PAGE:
Creating Art from Nature

Remy with his Guitar 
If I were to write an excerpt for a travel guide on Lomié, besides recommending a camping trip into the rainforest and a visit to a Baka encampment, the third thing I would recommend is a trip to my friend Yacouba’s workshop, where he constantly is making some form of art (bamboo mugs, furniture, incense holders, decorative wine holders - you name it!). Lomié can be tiresome a lot of the time, but at Yacouba’s I know I can find a bit of peace, even if that means silently watching as he weaves rattan to make a sofa.

I never thought I’d be, but I am a converted African art and architecture buff. I’ve always liked art, but a series of college courses on African art and architecture by the best professor around (hey, Dr. DeLancey!) began my now endless hunger for seeking out African art and architecture. Since Lomié was a former German colonial outpost, it has several German and French colonial-style buildings from the 19th and early 20th century, which add quite a bit of character to the village. But if its art you are looking for, the person to see is my friend and work partner, Yacouba Ousmanou Njoundiyimoun (say that three times fast!).

Yacouba started an organization a few months ago for the preservation of Baka and Bantu art and culture through which he seeks to promote traditional art and culture in order to grow tourism. He also works with the Baka to use their art to raise their standard of living. While Yacouba mainly works with rattan and bamboo, he is expanding his horizons and now working with a Baka apprentice named Remy who deals with traditional wooden art. Yacouba gets all his materials in and around Lomié, and all of his rattan he gets from the Pollidor Baka encampment, and last week I went with him as he picked up his ‘order’.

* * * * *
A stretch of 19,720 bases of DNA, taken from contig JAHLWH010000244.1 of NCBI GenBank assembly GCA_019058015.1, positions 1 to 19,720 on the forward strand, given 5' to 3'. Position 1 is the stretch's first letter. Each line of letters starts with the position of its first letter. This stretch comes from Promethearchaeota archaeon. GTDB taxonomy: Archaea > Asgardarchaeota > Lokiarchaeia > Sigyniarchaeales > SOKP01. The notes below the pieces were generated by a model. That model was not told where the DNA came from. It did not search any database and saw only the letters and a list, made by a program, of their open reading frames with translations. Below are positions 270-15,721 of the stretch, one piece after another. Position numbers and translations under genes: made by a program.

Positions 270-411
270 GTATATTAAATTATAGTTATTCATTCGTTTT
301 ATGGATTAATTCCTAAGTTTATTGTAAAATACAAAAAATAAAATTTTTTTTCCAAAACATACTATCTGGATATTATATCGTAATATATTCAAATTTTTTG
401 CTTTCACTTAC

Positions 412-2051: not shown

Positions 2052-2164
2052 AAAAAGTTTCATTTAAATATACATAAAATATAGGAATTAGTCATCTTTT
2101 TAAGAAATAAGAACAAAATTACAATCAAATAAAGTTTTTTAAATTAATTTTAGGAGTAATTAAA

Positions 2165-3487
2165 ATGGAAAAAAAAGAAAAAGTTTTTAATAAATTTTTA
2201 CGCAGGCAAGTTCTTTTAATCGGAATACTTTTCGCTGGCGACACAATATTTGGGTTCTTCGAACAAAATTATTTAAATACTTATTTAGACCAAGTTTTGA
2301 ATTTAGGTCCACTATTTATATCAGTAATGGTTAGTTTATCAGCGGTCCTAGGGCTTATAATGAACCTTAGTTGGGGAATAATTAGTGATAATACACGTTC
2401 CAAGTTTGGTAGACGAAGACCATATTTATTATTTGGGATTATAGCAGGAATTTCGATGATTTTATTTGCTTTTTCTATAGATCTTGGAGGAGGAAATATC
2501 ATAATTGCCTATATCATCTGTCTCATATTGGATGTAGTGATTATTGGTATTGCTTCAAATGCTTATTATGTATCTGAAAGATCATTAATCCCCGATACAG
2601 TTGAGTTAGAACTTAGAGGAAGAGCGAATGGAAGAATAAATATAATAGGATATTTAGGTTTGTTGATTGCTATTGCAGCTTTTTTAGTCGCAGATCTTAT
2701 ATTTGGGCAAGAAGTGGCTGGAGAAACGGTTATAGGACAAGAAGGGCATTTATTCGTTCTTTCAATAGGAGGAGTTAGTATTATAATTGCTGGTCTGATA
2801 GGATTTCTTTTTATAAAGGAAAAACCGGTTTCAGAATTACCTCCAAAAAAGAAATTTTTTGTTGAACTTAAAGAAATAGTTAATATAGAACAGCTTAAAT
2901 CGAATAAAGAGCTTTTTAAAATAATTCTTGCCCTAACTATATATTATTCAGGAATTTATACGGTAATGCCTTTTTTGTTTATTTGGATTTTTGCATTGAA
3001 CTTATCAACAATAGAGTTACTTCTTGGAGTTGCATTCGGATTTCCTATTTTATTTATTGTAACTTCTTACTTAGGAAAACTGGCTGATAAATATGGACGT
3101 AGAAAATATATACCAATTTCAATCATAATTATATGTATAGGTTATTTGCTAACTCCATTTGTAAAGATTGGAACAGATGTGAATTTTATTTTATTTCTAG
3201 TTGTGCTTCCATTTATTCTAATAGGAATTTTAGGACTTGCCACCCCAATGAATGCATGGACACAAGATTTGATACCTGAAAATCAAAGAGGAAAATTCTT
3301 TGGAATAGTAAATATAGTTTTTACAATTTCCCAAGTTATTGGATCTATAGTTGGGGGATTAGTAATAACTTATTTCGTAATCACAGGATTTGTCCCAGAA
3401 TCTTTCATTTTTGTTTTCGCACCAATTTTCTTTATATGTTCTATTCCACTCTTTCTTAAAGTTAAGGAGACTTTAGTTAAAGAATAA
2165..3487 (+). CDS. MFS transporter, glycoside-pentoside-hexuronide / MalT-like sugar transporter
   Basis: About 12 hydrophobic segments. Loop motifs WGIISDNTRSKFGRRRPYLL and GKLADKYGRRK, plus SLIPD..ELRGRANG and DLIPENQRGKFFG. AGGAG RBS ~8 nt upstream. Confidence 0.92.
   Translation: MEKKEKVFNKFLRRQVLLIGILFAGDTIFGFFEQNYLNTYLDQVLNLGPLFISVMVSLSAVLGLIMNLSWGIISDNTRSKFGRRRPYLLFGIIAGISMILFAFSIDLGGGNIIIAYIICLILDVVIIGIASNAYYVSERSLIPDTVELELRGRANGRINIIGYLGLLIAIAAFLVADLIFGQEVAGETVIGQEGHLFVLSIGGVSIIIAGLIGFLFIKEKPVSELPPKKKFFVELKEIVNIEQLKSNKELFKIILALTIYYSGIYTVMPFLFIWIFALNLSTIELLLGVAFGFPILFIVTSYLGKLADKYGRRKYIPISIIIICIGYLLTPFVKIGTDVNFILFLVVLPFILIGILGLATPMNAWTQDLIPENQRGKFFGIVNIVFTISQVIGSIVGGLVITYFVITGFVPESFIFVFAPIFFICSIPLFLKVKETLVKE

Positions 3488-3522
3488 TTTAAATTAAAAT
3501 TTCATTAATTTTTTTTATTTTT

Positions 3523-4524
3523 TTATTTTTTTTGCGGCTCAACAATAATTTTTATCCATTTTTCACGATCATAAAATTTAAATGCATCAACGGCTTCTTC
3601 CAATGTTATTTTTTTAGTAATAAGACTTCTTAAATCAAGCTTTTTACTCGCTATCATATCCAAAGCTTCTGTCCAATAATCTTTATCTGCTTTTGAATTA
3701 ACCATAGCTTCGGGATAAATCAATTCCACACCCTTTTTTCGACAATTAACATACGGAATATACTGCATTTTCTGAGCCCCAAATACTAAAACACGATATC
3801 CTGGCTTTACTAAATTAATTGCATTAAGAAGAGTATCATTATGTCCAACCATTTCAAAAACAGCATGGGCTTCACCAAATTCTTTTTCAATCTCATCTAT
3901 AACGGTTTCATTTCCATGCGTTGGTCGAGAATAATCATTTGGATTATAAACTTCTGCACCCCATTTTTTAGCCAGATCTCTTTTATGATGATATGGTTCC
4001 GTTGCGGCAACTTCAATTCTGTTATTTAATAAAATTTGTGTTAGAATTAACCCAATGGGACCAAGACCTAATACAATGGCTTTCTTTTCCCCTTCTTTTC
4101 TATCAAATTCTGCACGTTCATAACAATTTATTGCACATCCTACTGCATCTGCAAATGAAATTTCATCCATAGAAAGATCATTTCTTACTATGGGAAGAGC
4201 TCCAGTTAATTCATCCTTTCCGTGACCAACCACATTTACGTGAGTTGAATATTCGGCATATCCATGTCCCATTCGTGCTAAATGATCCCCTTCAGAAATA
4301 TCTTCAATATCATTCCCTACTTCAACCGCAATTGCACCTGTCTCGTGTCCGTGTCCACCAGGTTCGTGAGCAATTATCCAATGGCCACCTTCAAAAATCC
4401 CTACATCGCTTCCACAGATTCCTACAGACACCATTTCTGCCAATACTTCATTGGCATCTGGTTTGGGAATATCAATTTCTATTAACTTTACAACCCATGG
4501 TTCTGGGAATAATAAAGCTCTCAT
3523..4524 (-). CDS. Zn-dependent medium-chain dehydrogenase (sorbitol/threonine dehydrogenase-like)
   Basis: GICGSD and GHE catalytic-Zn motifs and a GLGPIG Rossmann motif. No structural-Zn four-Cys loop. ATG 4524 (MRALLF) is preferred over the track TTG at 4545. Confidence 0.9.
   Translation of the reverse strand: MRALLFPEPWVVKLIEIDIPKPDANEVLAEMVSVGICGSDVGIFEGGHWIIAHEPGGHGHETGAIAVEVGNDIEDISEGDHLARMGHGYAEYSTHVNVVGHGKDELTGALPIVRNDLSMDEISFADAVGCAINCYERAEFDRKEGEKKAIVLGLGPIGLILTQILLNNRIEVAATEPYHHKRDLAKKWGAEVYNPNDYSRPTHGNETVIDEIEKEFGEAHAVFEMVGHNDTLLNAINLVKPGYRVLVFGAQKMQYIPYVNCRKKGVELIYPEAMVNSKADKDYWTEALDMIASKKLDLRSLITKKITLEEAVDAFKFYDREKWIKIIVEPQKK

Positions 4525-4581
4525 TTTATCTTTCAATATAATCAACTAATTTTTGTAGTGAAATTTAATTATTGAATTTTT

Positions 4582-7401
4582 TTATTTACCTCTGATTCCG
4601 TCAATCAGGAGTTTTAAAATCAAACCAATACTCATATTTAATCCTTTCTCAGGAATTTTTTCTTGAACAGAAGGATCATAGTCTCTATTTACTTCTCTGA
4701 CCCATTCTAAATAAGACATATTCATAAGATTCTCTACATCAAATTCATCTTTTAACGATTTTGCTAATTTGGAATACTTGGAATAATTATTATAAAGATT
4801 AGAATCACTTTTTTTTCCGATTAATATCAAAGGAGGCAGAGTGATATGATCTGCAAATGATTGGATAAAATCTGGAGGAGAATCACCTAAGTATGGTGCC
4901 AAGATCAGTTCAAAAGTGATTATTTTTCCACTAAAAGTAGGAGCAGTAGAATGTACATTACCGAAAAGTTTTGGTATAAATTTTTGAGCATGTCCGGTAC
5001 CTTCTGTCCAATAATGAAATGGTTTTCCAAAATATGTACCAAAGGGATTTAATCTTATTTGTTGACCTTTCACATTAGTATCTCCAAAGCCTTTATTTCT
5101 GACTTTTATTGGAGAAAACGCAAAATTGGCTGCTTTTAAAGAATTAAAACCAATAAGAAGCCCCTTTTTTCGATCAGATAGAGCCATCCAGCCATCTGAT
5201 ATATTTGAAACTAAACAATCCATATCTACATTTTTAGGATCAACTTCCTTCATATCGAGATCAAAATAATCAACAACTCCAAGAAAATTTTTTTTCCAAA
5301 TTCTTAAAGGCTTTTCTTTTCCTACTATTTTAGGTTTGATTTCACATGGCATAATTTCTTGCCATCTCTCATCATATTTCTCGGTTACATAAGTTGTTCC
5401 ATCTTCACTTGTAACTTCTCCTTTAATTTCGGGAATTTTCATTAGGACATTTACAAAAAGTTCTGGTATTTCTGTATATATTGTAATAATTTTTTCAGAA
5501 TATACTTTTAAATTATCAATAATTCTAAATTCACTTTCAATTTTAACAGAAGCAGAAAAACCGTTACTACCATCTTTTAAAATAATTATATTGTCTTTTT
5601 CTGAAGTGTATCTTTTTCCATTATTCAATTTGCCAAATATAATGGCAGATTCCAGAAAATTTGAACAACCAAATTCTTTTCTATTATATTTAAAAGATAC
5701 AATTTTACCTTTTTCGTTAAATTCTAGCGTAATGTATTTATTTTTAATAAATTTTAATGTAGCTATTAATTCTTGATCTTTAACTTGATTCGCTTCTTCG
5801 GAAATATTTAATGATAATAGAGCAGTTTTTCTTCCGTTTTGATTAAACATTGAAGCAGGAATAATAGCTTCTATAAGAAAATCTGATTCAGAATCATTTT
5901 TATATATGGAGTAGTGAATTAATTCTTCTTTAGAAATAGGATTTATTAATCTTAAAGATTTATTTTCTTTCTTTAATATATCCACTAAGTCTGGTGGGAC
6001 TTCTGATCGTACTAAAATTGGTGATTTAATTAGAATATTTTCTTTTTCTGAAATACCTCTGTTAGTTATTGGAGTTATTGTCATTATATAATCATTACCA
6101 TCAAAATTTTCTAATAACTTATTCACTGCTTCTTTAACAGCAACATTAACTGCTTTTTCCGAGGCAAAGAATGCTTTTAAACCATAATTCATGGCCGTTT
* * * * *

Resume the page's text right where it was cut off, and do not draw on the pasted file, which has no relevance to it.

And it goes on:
Yacouba with the Governor's 'Throne'
(Unfinished) and Staff

A few weeks ago the governor of the East region came to Lomié as part of his East region tour. He gave a speech about how the village will never develop unless people start working together (preach!) before he headed off to Messok and Ngoila. Yacouba thought it would be nice to surprise the governor with some presents, so he built a huge rattan throne and had Remy make the governor a wooden staff and a small wooden lion. The governor was so surprised and loved receiving some parts of our local culture.

Yacouba made all the furniture in my house from rattan, and now I think of my house as my own little art museum. Furniture which would cost thousands in the States cost me a mere few hundred. He has Carlos, a man who lives at the Adjela encampment, make wicker baskets, and Remy makes everything from wood. Yacouba always is busy making a million things and he works from 6am to midnight…every day! Last week I went to visit Yacouba, Remy, and Carlos (who was snoring on the couch that Yacouba was working on weaving). Remy had just finished making a traditional Baka guitar from wood and scraps found alongside the road. I asked Remy if he could play, and in response he blushed and said no. Yacouba begged to differ and he shoved the guitar in Remy’s arms. Remy began to play this simple guitar made from bits and scraps and sang along. It was beautiful! Yacouba and I sat and listened for a good 10 minutes as Remy strummed and sang away. It was a wonderful escape from the stresses of life in Lomié and it was such a lovely insight into Baka culture.
Always Balancing 100 Things. My Bookshelf and Nightstand are Somewhere Under There...


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